This is the power of the Internet.  So when we have to recognize that this is something that grew out of the framework of governments and needs probably less governance and even little governments to ensure to ensure that the core values of the Internet and ICTs can publish.  Whether it is interoperability, whether it is freedom of speech and expression.  And each of these are both limitations and potentials.  If you have laws which are enacted without due consultations, or policies which are ambiguous, you create an environment which is not good for small business.  
Big business also has access to fantastic legal advice and reports and input, but small businesses struggle.  When they create applications which will allow you to review a product or review an institution, and it allows people to engage with that community and that platform, and they get sued for millions and trillions of dollars and have to stand in court, they cannot run the business.  They need the time to engage with that space.  So one of them is policy which is potful which is consultative, which looks at the Internet.
Second, let's bring in some numbers.  We love numbers.  When you are looking at the India story, where right now contributing, looking at the Internet economy at 1.6 percent of its GDP, roughly about 30 billion U.S. dollars.  If they are able to provide in the next two years some key requisite, we can make sure that this number moves up to about 100 billion U.S. dollars, which is a significant shift in terms of what is it that the Internet can contribute to the GDP.
But despite credible initiatives like the national optic fiber network which will connect 200 villages or self governments, that is not good enough.  You are not giving enough incentive to the private sector to be on the table and use that fiber to provide services and deliver goods.  It is just a piece of let's say plastic which is no good.  When you look at laws which are ambiguous, you create and environment which chills and quells free speech.  So the young man in the back, I hope he's still there, I urge people to engage because when you look at countries like India, we have immense amount of demographic dividend, but if our youth are unemployed and angry at being cornered every single time there is an impediment to using that space for actualizing its full potential.  In terms of the evolution of a multi‑stakeholder environment, that is something that is very close to my heart.  Where you convene these meetings, which is why I wanted to know who is here for the first time.  How easy or difficult is it to be on the table?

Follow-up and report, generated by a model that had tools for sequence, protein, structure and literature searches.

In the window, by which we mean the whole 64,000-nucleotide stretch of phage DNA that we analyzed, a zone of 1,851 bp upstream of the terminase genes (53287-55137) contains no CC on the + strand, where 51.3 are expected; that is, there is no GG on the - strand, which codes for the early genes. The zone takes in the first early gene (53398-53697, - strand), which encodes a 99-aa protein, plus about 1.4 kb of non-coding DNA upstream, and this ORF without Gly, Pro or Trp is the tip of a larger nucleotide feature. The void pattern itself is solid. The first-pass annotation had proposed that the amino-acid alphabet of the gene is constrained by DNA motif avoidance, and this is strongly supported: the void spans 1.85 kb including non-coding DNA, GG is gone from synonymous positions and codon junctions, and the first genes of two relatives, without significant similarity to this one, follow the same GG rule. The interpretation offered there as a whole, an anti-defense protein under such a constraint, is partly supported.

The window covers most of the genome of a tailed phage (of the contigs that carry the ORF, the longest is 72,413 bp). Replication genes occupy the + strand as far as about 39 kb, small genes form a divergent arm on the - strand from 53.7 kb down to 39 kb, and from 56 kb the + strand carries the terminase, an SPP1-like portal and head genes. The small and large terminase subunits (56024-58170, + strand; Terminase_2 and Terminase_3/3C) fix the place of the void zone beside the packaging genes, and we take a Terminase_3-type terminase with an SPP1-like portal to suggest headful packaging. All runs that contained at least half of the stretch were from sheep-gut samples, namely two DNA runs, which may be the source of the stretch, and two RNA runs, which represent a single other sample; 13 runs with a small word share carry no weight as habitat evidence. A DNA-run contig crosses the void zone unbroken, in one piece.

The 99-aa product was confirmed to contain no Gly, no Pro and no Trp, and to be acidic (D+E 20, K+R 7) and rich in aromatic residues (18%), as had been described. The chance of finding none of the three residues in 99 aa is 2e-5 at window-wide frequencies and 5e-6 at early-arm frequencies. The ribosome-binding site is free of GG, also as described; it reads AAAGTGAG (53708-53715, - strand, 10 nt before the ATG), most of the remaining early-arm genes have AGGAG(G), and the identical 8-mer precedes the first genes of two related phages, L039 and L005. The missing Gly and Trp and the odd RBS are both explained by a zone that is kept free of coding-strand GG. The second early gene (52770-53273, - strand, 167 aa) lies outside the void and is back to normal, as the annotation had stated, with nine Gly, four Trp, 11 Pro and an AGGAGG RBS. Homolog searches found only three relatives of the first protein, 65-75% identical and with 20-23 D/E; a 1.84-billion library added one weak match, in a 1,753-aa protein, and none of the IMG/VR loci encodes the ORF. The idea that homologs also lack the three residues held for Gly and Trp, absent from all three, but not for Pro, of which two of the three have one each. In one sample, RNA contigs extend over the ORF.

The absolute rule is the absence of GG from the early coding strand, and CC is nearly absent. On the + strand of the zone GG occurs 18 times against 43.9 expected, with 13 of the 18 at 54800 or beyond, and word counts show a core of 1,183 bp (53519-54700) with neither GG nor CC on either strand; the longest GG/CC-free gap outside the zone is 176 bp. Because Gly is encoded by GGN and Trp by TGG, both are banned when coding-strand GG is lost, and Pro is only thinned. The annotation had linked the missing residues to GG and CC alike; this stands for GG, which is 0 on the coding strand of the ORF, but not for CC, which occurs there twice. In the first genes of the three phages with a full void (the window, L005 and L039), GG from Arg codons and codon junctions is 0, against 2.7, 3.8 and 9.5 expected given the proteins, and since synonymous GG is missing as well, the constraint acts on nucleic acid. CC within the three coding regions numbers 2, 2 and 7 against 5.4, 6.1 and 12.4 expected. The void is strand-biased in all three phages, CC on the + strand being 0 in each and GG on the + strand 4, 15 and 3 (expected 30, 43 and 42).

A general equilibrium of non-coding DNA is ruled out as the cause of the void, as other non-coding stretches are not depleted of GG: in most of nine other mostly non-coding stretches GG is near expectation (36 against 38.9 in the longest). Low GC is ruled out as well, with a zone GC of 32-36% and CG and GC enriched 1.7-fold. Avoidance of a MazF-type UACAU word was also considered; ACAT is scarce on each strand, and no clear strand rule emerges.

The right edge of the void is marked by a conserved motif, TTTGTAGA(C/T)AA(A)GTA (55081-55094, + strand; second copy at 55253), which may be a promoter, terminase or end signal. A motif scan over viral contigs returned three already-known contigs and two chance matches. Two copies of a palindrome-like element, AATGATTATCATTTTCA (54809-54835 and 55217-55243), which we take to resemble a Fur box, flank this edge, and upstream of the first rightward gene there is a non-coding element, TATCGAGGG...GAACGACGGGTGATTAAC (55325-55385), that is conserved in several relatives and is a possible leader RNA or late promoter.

As governments, if you're not on the table, you will be on the menu.  And you will have a really unhappy country, which in the form of social media will make sure that though corporate media may disallow plurality and diversity of expression, we will find ways for an outlet to express dissent.  This is part of the new vision.  We have to make sure that traditional institutions of socialization have been over turned.  We have to learn to engage with this new reality and this new paradigm.
In terms of whose voices are not here, who is it who is missing?  In terms of legitimacy of representation, who is not on the table?  And are those people around the table, can they speak for those who are not in the room?  When we are looking at trade and policy, the one company which is giving nightmares to Amazon is Flip Card.  And there is a lot of money which is being pushed to make sure that it comes to you.  But what Amazon has also managed to do is, it's taken service agreements on its head.  It has taken conversations and it's invented a new language where communication flourishes and where new goods and products are made accessible.  And competition is a good thing, provided you recognize local innovation and make sure that it is an environment based on empathy.  Maybe like the river.